PRESS RELEASE- The City of Grand Rapids Planning Department will hold two community meetings this month to discuss the development of a proposed crime prevention ordinance. The hour-long meetings will take place Wednesday, April 24 at 1 pm and 6:30 p.m. at the City’s Development Center, 1120 Monroe Ave. NW.
Through this engagement, the City hopes residents and representatives from neighborhood associations and business districts provide feedback on a new crime-prevention approach that incorporates environmental design aspects to curb crime in the community. The approach – Crime Prevention Through Environmental Design (CPTED) – utilizes multifaceted methods to deter criminal behavior and foster quality of life in and around business districts. It accomplishes that through the use of passive strategies incorporated into the normal planning, design
The agenda for each meeting will be the same. Planning staff will outline current issues, detail the proposed approach and review the proposed ordinance language. Attendees will be asked to brainstorm how the City can best work cooperatively with businesses during the implementation of the ordinance and to provide feedback on the proposed ordinance language. Light refreshments will be provided.
Suzanne Schulz, the City’s managing director of planning and design, said while the City already incorporates many aspects of CPTED in its oversight of business and commercial areas, the proposed ordinance focuses on state-licensed facilities that sell controlled substances such as alcohol, tobacco
The new approach expands the City’s enforcement philosophy in four areas:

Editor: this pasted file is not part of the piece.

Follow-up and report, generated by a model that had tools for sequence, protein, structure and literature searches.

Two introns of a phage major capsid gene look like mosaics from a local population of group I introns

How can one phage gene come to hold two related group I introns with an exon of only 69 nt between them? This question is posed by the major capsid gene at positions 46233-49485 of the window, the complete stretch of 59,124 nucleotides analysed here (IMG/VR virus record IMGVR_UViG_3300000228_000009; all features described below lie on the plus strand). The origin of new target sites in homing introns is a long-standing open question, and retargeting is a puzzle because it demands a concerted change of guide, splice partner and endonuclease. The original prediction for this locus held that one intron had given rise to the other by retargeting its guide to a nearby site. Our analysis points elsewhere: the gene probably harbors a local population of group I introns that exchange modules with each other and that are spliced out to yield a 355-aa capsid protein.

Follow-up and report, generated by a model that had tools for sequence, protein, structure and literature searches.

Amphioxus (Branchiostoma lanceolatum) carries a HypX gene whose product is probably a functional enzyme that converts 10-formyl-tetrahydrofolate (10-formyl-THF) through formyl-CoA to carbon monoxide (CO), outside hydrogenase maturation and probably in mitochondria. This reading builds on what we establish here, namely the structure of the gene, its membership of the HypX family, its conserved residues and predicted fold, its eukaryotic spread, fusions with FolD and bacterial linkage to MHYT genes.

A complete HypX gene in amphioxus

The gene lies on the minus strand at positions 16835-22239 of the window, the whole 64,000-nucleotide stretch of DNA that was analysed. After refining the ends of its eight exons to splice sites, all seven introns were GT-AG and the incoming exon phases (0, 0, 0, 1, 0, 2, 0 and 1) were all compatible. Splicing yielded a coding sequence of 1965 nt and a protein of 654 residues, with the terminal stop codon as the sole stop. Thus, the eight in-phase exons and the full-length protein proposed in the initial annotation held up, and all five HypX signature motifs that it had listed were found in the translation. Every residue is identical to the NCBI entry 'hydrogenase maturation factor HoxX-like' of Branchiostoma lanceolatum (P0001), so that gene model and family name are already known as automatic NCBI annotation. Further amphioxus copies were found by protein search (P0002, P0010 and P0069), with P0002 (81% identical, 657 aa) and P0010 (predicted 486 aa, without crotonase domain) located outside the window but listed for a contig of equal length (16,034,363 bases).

- Natural access management – Physical guidance of people and vehicles
- Natural surveillance – Maximize visibility and surveillance
- Territorial reinforcement – Delineate space and express a positive sense of ownership
- Physical maintenance and management – General upkeep of a building or area
During the community meetings, planning staff will detail a proposed approach that:
- Consolidates CPTED-related requirements under a new police power ordinance that allows staff to address businesses that don’t follow the rules
- Reconfigure the duties of planning staff so there is one point of contact for an inspector and community officer
- Proactively engage businesses in an education and awareness campaign that is part of a comprehensive implementation strategy
Schulz said her department arrived at these proposals after working with the Grand Rapids Area Chamber of Commerce and hearing from the City’s corridor improvement districts.
“We are piloting a new, proactive approach to address safety and quality of life concerns that we have heard from the community,” Schulz said. “The long-term strategy is that, hopefully, we can begin to eliminate several requirements during the permitting process that the business community views as burdensome. We can do this by having better design and enforcement tools in hand for when issues arise.”